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Discussion Starter #1
Well that is the question : )
I have 7 does. Three of them are between 17 and 19 months old. The other four are 4-5 years old. Three of the older does all had bucklings this spring. One doe didn't get bred last year. I'm not sure if I should breed them this fall or not. I sold my Boer buck in the spring since he was too closely related to one of the young does.
I guess I could try to lease a buck for a month or so this fall and get them bred. If I choose not to breed them at all, is there any problem with waiting until the young does are nearly three years old to kid for the first time?

If I decide not to breed any this fall, then in the spring I will buy an unrelated buckling and a couple of unrelated doelings to bottle feed.....cause ya' know, ya' got to have babies in the spring time!

Forgot to add, my one Alpine/Nubian doe will probably milk through next year so milk is not a problem.
 

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Discussion Starter #3
That's an idea. My neighbor has a Nigerian Dwarf buck and I might be able to arrange to use him on the three youngsters. I don't really want any dwarf crosses, but it might not be a bad idea for FFs. The older gals could take a year off. I'm still thinking it over....
 

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What are the reasons for NOT breeding them? IMO every doe should be bred every year because otherwise they're just freeloading. As a buyer, I want to buy from a herd that breeds its doelings on time (only acceptable dry yearlings are doelings born mid-late summer) and breeds their does every year. (exception being owner or animal illness) If that's too much work or too much milk, then my opinion is to own less goats. I *hate* letting animals that are valuable and potentially productive just sit around. :p (this doesn't go for pets, of which I admittedly have a couple myself - but I don't breed them so they don't require hardly ANY input AT ALL - pretty sure they're indestructible. :D) If they don't take for whatever reason, they better be indispensable and worth the effort/time/space keeping them till the next year - thus far, I've just sold them if they're testing open when it's late in the breeding season and they *should* be bred. Sale barned a doe who milked 10lbs/day at peak as a FF. Would have loved to freshen her again but she was in with the buck with a marking harness, kept changing colors... and tested open. She was a good producer but not genetically my most important animal, so I sent her on.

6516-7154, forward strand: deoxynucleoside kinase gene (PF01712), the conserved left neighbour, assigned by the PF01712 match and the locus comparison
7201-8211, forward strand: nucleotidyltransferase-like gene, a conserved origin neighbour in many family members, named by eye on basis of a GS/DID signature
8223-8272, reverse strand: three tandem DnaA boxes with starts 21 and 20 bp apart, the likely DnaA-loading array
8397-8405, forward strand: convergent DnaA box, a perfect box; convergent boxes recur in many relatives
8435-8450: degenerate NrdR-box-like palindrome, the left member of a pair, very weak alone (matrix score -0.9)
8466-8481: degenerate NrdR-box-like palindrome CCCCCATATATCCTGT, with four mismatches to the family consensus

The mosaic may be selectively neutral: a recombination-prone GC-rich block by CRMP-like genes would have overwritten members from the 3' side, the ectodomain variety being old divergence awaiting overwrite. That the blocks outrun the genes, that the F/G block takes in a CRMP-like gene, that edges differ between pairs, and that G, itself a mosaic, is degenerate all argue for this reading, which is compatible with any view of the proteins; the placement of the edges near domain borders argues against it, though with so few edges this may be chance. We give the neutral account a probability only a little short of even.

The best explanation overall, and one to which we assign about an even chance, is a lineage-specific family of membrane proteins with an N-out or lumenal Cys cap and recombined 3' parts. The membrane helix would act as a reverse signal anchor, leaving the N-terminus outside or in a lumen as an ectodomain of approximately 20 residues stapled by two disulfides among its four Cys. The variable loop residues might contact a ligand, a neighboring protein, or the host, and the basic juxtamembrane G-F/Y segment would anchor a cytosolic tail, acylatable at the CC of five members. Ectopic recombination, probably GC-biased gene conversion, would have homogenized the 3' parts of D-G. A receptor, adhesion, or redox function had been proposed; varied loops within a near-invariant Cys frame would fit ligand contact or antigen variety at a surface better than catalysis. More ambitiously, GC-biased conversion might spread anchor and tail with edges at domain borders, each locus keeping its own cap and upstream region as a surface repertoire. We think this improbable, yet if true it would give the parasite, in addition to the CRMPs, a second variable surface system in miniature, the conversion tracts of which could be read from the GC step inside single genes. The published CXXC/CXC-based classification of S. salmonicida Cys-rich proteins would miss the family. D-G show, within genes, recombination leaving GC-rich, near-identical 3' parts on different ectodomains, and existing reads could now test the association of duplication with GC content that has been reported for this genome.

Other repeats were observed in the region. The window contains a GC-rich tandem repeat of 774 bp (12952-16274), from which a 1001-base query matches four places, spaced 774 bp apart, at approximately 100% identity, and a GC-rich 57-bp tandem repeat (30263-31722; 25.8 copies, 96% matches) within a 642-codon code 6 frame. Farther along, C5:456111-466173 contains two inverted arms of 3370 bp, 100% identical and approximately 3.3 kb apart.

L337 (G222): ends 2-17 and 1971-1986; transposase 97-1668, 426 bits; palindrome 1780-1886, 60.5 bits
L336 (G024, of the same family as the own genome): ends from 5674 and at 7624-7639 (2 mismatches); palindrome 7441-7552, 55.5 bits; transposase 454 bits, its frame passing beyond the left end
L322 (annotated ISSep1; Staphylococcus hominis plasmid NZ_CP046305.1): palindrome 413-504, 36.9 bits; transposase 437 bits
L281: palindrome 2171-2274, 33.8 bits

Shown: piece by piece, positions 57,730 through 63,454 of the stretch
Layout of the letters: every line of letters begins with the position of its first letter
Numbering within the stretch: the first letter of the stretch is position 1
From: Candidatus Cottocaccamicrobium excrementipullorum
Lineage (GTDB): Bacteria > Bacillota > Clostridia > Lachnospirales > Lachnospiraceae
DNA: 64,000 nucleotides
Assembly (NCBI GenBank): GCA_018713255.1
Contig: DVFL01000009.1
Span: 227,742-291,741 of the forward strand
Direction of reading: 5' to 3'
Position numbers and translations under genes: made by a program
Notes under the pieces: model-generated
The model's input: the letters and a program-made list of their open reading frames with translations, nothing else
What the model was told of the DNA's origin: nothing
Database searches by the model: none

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Discussion Starter #5
Well the only reason for possibly not breeding them is "me". With my life as it is, working so much (6 days a week), taking care of DH (had a stroke years ago and can't do anything) being so busy and pushed to the limit. I just considered taking a year off from some of it. But....I do love baby goats! I personally would keep all of my goats forever, even if they were never bred again. I would also keep all my birds even if I never got another egg : ) I don't mind all the extra work of does kidding, I like it in fact. But I am often exhausted. I guess the real question is, would it do the younger does any harm to wait another year?
 

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I agree with Clovers_Clan I would reduce your numbers if you are feeling overwhelmed. As far as holding the younger does over another year...I would be more likely to breed them and hold your older girls over personally. Could you possibly keep all your older girls milking through or have you already dried them up?